A little while ago I wrote a blog post sharing 5 tips for writing your novel in Word. As it happens, there are more than five tips! Who’d have thunk it. So, here is a follow-up post where I list five more tips for using Word, varying from automatic formatting to keyboard shortcuts. This one got a little bit technical, so I made a YouTube video to show how some of these tips, and a few from my other post, work. You can view that video here.
Happy reading on? Then let’s get into it.
1. Find (and Replace)
This tool has a number of uses and I’m going to cover the ones that I tend to rely on when I’m editing client work (and my own novels).
What’s your crutch word? You know, the one that you seem to use far too much in every single thing that you write. We all have them, don’t be shy. Mine are ‘well’, ‘just’ and ‘so’. I didn’t even realise how bad my ‘just’ addiction was until a beta reader pointed it out to me. Now I have to consciously cut it out of literally everything.
Go to Edit > Find > Advanced Find and Replace. These steps may vary depending on whether you’re on a Mac or PC. In the ‘Find what:’ box, enter the word you want to look for. Then check the box that says ‘Highlight all items found in: Main Document’ – if you don’t check this box then it will just take you to each individual instance instead of giving you the total count.
Remember to check any of the advanced options like ‘Find whole words only’ if you’re looking for a word that might be inside another. For instance, when I did the search for ‘so’ I checked this to avoid it counting words like ‘also’ or ‘soon’.
Find and Replace
Picture this: you’re 60,000 words into your novel and you’ve just realised that you switched from your earlier spelling of ‘Steven’ to ‘Stephen’ halfway through. Or, let’s say that you have a character named ‘Alice’ that you want to rename to ‘Annie’.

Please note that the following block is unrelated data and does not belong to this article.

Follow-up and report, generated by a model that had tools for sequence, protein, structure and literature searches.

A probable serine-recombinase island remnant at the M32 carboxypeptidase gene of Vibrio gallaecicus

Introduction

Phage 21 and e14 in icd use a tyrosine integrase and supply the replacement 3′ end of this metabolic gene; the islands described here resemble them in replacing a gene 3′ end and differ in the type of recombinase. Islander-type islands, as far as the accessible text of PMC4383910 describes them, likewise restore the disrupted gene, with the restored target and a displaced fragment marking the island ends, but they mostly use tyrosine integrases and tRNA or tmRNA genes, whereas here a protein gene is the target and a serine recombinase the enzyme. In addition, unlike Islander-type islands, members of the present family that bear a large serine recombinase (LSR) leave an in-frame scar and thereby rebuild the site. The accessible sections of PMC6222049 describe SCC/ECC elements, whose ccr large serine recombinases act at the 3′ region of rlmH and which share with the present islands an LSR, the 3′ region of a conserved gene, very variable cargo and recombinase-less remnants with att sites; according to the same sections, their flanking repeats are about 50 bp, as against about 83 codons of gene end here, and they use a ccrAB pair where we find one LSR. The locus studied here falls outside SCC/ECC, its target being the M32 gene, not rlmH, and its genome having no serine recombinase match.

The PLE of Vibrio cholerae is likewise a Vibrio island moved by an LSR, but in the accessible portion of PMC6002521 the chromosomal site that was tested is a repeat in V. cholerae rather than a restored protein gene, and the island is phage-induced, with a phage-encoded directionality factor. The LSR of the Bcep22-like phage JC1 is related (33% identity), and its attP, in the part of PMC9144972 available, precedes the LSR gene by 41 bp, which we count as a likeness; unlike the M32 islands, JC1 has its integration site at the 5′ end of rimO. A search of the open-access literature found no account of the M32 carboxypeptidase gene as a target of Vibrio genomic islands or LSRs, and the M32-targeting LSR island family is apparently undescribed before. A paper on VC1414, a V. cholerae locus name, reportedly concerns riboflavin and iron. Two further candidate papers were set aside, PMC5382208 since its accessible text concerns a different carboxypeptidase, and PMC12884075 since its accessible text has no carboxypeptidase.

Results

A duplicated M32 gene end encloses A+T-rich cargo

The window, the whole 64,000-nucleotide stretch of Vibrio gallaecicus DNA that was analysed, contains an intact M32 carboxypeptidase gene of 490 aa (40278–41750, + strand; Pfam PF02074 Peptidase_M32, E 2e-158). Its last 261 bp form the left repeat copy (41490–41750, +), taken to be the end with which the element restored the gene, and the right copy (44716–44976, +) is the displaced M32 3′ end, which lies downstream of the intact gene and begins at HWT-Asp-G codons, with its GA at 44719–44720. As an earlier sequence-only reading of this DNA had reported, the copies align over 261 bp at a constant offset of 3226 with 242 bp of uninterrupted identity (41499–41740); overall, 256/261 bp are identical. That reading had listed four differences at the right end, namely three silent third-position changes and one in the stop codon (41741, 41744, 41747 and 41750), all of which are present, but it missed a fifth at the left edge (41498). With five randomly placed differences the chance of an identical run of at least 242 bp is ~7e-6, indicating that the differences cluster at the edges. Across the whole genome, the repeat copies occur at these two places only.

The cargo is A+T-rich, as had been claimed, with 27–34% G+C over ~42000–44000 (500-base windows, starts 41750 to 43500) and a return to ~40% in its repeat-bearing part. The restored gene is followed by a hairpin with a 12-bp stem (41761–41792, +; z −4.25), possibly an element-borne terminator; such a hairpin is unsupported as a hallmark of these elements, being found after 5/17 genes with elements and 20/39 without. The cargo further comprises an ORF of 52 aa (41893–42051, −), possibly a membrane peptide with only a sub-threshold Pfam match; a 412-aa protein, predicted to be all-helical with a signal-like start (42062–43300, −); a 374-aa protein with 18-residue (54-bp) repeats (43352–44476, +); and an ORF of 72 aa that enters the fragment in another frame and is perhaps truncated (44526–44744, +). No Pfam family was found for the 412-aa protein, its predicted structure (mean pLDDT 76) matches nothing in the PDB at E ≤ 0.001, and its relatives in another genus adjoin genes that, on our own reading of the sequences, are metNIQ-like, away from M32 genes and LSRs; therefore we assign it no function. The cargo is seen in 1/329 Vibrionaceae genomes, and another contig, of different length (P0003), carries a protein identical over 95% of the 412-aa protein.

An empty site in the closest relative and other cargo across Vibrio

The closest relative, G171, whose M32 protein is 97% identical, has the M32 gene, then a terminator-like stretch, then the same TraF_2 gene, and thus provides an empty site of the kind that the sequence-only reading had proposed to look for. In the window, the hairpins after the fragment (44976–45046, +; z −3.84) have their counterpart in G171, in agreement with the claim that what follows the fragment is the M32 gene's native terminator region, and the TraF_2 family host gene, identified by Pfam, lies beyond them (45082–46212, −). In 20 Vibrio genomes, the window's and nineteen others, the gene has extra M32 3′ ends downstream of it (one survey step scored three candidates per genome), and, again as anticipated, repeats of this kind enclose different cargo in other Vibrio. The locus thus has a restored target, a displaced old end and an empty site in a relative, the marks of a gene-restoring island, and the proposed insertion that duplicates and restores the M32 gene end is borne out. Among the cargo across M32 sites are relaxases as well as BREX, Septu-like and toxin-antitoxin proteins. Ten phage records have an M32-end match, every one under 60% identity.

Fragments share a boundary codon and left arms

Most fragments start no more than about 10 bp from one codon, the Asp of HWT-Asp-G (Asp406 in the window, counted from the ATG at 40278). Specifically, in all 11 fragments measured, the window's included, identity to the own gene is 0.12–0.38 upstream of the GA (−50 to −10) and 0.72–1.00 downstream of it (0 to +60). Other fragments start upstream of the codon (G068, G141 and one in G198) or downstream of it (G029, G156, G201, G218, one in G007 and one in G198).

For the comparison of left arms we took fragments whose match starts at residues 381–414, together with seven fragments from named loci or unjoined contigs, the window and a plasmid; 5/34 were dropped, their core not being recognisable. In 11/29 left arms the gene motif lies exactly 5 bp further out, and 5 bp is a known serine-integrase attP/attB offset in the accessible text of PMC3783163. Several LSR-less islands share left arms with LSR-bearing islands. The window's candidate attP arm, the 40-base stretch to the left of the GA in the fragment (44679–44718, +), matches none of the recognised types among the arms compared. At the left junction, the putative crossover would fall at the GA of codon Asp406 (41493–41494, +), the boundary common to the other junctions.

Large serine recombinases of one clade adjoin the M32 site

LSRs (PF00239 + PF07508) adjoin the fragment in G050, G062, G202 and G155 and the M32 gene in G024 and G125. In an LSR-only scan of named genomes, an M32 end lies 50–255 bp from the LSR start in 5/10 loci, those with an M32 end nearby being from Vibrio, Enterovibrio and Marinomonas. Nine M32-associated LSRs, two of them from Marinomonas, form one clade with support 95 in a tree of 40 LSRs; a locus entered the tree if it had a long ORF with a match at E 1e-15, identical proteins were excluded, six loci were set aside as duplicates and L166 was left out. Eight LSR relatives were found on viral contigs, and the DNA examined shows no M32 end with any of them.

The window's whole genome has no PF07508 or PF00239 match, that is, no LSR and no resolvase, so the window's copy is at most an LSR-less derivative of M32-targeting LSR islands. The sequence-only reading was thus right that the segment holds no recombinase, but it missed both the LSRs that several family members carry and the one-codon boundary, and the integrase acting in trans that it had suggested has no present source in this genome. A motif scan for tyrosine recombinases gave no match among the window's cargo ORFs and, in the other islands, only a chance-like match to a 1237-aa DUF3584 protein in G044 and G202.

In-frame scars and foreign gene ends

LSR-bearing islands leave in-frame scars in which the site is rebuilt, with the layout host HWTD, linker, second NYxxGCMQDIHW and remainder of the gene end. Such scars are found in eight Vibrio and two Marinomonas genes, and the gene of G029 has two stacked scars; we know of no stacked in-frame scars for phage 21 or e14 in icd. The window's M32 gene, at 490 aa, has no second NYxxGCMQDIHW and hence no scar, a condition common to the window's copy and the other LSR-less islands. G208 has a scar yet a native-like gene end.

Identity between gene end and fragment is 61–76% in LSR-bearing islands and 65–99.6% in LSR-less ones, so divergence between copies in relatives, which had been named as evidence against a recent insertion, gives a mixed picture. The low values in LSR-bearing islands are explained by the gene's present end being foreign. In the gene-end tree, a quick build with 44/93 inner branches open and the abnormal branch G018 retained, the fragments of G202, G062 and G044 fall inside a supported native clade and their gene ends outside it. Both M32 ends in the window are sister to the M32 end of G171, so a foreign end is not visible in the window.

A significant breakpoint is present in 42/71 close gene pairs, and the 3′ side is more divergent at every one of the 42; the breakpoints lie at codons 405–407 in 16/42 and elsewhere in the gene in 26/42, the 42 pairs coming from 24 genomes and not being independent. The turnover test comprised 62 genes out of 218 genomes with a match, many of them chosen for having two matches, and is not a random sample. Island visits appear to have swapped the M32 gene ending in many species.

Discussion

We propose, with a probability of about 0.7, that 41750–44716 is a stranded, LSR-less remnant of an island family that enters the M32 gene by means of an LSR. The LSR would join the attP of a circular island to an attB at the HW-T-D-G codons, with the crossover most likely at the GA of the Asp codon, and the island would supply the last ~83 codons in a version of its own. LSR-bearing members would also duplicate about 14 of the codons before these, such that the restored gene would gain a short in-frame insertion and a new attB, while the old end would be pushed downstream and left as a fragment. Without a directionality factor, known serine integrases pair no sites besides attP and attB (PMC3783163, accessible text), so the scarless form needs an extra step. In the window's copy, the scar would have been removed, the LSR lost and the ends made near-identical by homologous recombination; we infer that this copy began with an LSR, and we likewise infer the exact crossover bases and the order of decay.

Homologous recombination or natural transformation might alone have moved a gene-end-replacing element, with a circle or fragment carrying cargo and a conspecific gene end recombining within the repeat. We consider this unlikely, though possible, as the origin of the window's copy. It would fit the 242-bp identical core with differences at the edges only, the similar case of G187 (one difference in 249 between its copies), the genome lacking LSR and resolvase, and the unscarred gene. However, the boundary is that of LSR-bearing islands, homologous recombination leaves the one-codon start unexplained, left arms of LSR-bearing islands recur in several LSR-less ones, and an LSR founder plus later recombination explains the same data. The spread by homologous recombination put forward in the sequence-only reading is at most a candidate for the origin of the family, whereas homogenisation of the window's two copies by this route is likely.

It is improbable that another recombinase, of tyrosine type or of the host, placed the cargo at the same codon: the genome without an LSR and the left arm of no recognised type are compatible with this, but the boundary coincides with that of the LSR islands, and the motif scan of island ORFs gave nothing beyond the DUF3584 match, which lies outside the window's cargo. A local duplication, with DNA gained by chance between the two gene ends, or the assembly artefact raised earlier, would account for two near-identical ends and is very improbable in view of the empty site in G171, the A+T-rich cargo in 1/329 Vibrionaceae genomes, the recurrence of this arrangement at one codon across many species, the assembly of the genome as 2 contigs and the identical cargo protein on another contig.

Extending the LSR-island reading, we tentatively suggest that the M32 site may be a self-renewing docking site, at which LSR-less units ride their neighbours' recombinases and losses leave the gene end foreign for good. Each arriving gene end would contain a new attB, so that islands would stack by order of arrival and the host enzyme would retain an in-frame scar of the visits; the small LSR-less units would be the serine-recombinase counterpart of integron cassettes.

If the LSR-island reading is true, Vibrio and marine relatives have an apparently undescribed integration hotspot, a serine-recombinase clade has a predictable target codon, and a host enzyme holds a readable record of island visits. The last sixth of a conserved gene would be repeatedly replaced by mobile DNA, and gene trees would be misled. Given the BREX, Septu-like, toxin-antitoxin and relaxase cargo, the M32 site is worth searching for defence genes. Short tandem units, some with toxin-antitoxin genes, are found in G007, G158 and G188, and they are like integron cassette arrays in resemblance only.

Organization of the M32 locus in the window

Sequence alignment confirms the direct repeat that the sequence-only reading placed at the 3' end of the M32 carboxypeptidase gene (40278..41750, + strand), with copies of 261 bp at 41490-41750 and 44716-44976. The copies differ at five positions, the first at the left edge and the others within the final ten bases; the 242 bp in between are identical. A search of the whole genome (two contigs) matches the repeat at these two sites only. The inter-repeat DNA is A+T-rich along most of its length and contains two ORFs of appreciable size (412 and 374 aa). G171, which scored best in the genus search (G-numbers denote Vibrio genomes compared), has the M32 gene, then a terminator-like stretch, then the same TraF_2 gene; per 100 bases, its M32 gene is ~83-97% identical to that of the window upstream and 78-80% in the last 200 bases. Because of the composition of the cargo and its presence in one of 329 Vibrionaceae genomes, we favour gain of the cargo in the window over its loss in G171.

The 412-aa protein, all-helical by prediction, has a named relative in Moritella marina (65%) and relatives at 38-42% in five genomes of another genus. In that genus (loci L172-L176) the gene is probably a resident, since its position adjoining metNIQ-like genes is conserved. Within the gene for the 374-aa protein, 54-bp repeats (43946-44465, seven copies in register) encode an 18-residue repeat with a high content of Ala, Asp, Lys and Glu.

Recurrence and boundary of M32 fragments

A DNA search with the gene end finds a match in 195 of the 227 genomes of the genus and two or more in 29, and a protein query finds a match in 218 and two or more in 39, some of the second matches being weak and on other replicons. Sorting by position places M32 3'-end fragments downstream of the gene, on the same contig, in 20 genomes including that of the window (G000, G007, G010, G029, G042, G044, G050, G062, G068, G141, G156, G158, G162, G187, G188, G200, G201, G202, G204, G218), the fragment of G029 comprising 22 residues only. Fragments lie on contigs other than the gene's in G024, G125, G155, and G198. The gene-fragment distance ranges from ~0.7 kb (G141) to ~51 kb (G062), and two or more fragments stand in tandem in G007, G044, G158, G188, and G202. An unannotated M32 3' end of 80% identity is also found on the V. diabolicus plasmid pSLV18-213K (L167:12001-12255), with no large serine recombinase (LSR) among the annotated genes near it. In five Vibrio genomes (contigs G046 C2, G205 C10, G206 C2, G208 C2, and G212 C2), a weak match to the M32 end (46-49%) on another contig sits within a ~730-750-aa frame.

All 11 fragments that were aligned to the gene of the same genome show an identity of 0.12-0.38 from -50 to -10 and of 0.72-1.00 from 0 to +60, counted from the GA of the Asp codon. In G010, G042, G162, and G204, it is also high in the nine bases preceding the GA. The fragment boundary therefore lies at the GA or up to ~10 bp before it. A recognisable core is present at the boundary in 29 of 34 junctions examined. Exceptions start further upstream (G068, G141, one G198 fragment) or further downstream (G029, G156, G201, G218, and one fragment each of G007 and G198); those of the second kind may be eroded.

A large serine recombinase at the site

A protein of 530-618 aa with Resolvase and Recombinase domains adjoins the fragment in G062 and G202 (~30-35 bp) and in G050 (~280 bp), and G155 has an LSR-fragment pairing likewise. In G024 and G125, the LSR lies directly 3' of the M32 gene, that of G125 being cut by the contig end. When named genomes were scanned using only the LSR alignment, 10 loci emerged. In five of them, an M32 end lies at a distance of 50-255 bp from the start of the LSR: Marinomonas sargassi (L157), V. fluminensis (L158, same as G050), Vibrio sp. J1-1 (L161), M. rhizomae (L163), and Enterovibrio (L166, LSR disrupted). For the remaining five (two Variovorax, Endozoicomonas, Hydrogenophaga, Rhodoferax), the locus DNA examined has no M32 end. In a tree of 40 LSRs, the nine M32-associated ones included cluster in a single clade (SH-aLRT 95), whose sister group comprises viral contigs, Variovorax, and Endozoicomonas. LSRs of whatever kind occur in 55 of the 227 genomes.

Changing each instance of the name manually will drain your soul quicker than you can count to three, so this is where Find and Replace comes in.
Go to Edit > Find > Replace… > enter the word you want to replace in the ‘Find what:’ box and the word you want to replace it with in the ‘Replace with:’ box. Again, remember to check the necessary ‘Match case’ or ‘Find whole words only’ boxes, so that you don’t change words like ‘malice’ into ‘mannie’.
You may or may not be aware that you can use formatted headings in Word. The neat thing about these pre-set headings is that you can adapt them to your own preferences.
What does this mean? Well, let’s say you generally tend to write in Calibri using 13pt font, single spaced. That is set as your default for the main body and is the ‘Normal’ style. Then, when it comes to preparing your manuscript for an agent, you need to reformat everything to double-spaced, Times New Roman at 12pt. The quickest and easiest way to do this, and to ensure you don’t miss any sections, is to update this ‘Normal’ style.
To change the main body, simply right-click on the ‘Normal’ box, select ‘Modify…’ and then pick all of the correct criteria. Once you click ‘Ok’, it will update all of the styles across your Word doc that are mapped to ‘Normal’.